American attorney, politician, and jurist (1746-1813) who served in the Continental Congress, House of Representatives, Senate, and was appointed to the Massachusetts Supreme Judicial Court in 1802. ALS, one page, 8.5 x 10, January 6, 1807. Letter to Samuel Henshaw, in part: "Strange as it may appear to you, and to you it cannot appear more so than it does to me, I have determined, at present, not to resign…You may be assured that no one has, upon this occasion, had more influence than yourself in the advice they have given they have sacrificed my honor to public considerations, may heaven forgive them—I have not deserved it. You have, by the conversation I had with you, been able to view this painful and disgusting subject, under aspects which before had not been presented to you. If from this or any other cause you should have altered your opinion, and believe that I cannot, consistent with my character…continue where I am…let me know it. Permit not your friend to tarnish a reputation which he has endeavoured to render spotless. This request, I hope you will think I am authorized to make, and earnestly press upon you a compliance with it. There are instances, I am sensible, in which it may become the duty of a good man to sacrifice his fortune and life to his country, or even to his party, but there are none which can demand a surrender of his reputation. When I was determined to lay my case before the world the resolution was adopted as the only mean of defending my character ag't the malignant assault of a bare and mercenary wretch, originating in the meanest and most detestable motions." Henshaw pens his response on the reverse, offering words of support. In very good condition, with splitting along intersecting folds, a short tear to the top edge, and seal-related paper loss to the integral address leaf. From the Collection of Dr. Lawrence E. Miller.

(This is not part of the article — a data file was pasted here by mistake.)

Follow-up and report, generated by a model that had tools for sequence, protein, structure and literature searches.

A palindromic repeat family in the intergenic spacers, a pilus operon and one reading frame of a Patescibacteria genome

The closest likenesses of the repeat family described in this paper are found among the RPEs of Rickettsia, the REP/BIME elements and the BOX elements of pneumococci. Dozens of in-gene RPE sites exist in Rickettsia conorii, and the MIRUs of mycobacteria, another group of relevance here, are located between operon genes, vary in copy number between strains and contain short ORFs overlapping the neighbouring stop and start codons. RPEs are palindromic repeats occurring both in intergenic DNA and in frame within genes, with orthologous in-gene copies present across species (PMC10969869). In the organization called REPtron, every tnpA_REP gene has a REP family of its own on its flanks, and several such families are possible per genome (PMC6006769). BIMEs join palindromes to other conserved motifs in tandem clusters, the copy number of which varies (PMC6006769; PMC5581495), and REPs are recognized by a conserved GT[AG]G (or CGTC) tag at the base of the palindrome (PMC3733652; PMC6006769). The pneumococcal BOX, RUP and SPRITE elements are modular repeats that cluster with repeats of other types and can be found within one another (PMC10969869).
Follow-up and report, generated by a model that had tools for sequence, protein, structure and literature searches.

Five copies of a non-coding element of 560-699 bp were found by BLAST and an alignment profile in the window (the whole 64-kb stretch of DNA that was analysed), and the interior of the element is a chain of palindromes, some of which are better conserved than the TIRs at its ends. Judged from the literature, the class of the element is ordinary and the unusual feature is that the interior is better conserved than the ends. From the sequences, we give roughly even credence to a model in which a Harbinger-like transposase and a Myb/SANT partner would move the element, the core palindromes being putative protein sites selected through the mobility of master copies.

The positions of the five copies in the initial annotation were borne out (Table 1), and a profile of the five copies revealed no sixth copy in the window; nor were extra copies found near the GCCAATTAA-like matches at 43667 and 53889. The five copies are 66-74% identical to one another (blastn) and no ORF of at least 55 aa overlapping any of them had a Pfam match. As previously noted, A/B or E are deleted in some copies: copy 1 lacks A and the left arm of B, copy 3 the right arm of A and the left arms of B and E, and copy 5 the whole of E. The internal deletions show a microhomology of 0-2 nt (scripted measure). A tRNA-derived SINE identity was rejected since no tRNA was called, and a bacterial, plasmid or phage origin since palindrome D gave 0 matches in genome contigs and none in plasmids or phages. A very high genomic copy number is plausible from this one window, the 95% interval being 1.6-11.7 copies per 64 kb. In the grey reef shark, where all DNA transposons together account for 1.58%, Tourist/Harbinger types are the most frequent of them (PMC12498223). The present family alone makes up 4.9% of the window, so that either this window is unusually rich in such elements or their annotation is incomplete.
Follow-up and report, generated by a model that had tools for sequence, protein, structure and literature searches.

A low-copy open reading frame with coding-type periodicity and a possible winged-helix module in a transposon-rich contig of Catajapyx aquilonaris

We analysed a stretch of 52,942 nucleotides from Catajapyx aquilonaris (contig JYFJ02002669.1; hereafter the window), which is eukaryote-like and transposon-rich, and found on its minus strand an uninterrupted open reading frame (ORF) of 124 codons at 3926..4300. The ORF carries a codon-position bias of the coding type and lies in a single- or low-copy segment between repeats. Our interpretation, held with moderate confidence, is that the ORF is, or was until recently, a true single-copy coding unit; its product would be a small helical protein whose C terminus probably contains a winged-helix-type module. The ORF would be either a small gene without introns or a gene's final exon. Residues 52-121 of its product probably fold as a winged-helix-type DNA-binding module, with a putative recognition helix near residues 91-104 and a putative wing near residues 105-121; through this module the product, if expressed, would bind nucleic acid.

Terms and abbreviations used in our descriptions.